Nov. 5, 2012 An intravenous infusion of good cholesterol could reduce the risk of a subsequent heart attack, researchers reported at the American Heart Association's Scientific Sessions 2012.
In a small, early study, researchers noted that an intravenous infusion of the chief protein in high density lipoprotein (HDL or "good" cholesterol) seems to rapidly boost the body's ability to move cholesterol out of plaque-clogged arteries .
In the days and weeks after a heart attack or chest pain, patients are at high risk of another attack. Standard heart attack medications, such as aspirin and anti-platelet drugs, prevent clotting but don't help eliminate the underlying cause -- cholesterol that has built up in artery plaque.
Other HDL drugs, such as niacin and fibrates, which do attack the underlying cause, gradually raise HDL and may prevent heart attacks years after the start of therapy.
The study involves CSL112, an infusible and natural human formulation of Apolipoprotein A-1 (ApoA-1), the key protein in HDL particles that transports cholesterol from arteries and other tissues into the liver for disposal.
"In a current multi-center study, CSL112 will be administered as a short series of weekly IV infusions initiated shortly following a heart attack or heart-related chest pain," said Andreas Gille, M.D., Ph.D., lead author of the study and Head of Clinical and Translational Science Strategy at CSL Limited in Parkville, Australia. "Our aim is to address a significant gap in acute coronary syndrome management by reducing the high risk of early recurrent events."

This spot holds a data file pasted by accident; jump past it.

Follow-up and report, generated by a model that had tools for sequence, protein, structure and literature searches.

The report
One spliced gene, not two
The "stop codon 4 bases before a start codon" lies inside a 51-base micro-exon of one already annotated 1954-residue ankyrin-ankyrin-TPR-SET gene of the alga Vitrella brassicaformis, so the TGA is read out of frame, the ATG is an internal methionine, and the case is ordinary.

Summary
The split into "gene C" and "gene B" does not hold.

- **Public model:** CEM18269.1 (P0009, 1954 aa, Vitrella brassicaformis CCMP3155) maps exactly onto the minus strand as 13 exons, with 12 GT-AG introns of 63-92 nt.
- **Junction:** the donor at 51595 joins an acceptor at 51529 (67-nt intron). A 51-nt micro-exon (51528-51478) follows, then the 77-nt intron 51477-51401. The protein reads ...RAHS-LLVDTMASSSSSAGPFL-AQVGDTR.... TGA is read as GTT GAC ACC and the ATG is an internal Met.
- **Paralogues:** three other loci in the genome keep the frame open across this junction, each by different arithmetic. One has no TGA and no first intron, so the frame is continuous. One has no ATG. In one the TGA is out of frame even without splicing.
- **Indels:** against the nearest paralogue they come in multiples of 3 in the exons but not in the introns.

Researchers studied markers of cholesterol movement in response to a single infusion of CSL112 at doses ranging from 5 to 135 mg/kg in 57 healthy volunteers.
Compared with a placebo infusion, they found:
- Cholesterol extraction from cells rose immediately (up to 270 percent from baseline).
- PreBeta1-HDL, a subfraction of HDL involved in cholesterol elimination, increased dramatically (up to 3,600 percent from baseline).
"Overall, CSL112 behaved as well or better than we expected and all the changes are consistent with the desired elevation in reverse cholesterol transport activity," Gille said. "We did not observe any unfavorable changes in the low density lipoprotein or 'bad' cholesterol-related biomarkers tested."
The safety and behavior of CSL112 in patients with stable heart disease is being evaluated in a multi-center trial.
Co-authors are Rachael Easton, M.D., Ph.D.; Samuel D. Wright, Ph.D.; and Charles L. Shear, Dr.P.H.
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